An abnormally dry summer is giving way to a dry start to autumn in Southern New England. As of this week, nearly 95% of Rhode Island is in an Extreme Drought. The drought is more significant than any in the past 20-plus years in the Ocean State. Part of Connecticut and interior Southeastern Massachusetts are also in the Extreme Drought.
The driest weather in the past few months has been along the coast of Southern New England. New London County Connecticut through Rhode Island and Southeastern Massachusetts has only received 25-50% of the normal rainfall. It has been the driest stretch from late-June to late-September in Hartford on record, and the 7th driest out of 116 years in Providence. Amazingly, you do not have drive very far to find areas that have been very wet during the same stretch. Newark, NJ had the 4th wettest stretch in the past 90 years with over 18 inches of rain during the summer season.
There will not be much rain in the next several days. A few showers are possible on Sunday as the remnants of Tropical Storm Beta pass out to sea south of New England. At this point, it does not look like anything more than hit and miss showers.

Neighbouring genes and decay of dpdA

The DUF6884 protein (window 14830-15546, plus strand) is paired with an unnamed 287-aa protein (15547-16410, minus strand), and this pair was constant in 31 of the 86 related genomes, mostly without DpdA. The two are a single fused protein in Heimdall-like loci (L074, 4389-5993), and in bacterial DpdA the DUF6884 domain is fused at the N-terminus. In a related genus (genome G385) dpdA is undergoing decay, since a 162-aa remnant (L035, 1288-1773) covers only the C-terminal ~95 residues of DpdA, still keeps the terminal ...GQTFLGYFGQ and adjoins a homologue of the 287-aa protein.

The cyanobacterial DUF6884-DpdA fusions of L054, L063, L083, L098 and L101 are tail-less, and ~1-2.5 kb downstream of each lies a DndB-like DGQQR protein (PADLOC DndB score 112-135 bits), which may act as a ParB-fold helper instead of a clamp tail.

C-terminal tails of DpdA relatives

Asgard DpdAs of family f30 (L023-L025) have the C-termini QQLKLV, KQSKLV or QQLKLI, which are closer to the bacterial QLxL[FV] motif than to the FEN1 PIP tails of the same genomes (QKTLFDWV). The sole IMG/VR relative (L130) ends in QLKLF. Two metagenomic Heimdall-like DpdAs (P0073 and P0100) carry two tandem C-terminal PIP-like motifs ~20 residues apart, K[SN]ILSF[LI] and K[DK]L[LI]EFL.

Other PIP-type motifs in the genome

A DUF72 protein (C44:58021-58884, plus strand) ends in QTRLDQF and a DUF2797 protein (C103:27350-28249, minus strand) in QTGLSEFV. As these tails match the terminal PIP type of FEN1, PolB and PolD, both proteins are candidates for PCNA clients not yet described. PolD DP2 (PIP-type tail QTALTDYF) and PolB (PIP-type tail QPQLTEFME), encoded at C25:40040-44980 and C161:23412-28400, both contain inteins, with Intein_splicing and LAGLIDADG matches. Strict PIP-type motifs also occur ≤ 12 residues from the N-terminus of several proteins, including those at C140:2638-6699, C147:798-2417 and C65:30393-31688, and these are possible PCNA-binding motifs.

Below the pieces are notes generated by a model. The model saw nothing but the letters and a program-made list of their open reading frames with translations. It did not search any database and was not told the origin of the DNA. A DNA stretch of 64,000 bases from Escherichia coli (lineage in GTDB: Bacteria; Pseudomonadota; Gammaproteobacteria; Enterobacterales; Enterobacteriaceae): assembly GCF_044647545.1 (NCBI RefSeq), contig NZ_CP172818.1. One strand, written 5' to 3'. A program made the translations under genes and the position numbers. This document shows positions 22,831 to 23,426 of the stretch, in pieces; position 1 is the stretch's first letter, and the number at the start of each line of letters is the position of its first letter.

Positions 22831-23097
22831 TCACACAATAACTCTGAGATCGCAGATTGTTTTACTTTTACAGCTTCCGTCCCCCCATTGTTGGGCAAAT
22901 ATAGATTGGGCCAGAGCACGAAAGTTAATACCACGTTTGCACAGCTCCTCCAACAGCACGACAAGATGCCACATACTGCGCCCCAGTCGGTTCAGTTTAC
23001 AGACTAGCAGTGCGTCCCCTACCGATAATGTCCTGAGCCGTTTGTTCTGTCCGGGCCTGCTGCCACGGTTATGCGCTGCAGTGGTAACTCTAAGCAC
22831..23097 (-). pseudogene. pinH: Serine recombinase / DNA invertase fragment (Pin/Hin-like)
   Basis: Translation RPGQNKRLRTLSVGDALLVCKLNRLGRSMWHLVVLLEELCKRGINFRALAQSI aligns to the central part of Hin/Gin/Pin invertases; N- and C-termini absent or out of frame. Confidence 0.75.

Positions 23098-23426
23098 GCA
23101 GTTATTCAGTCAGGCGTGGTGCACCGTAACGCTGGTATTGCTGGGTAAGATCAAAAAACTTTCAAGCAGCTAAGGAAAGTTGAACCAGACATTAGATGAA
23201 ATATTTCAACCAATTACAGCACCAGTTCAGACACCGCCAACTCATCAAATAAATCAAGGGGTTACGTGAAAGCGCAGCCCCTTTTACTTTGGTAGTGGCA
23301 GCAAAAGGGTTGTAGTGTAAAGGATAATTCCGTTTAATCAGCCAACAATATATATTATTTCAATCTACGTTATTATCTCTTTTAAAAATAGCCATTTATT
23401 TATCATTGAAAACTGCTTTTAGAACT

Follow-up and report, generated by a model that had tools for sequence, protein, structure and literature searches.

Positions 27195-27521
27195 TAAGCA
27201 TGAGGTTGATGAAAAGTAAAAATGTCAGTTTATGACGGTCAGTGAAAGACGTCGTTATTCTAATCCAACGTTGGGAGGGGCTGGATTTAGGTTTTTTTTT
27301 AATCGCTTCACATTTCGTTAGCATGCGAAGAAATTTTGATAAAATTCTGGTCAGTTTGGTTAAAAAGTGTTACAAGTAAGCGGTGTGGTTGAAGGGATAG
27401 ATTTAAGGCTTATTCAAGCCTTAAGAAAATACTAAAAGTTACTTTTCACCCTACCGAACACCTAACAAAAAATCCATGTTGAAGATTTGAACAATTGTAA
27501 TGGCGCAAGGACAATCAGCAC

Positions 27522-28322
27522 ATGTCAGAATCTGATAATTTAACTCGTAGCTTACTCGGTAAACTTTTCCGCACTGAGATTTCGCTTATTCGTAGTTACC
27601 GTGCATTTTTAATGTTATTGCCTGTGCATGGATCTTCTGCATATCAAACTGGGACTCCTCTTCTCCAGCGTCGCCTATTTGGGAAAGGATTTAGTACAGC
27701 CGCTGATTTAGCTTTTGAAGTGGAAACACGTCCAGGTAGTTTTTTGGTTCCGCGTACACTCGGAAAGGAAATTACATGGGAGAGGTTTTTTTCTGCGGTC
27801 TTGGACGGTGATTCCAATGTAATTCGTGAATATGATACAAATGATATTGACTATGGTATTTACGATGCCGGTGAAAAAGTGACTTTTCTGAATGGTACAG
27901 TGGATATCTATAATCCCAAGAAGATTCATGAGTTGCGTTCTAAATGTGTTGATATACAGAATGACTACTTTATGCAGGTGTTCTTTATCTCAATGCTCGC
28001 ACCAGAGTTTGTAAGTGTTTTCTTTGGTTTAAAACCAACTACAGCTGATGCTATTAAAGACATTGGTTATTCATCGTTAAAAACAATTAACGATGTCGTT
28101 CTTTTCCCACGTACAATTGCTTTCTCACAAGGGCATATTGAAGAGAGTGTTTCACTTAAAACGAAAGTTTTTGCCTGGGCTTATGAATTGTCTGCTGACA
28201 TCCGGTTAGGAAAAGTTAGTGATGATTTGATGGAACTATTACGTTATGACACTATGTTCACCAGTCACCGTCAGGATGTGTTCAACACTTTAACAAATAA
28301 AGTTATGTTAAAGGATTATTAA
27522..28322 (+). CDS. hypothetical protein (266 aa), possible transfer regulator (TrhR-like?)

A stronger system may develop in the middle of next week and bring beneficial rain to Southern New England. It’s early, but it looks promising for at least some steady rain, and if a wave of low pressure develops along the frontal boundary, then an inch or so of rain is possible. The timing looks like Tuesday-Wednesday. The weather will be relatively warm through the weekend before turning seasonably cool in the middle to end of next week as we head into October.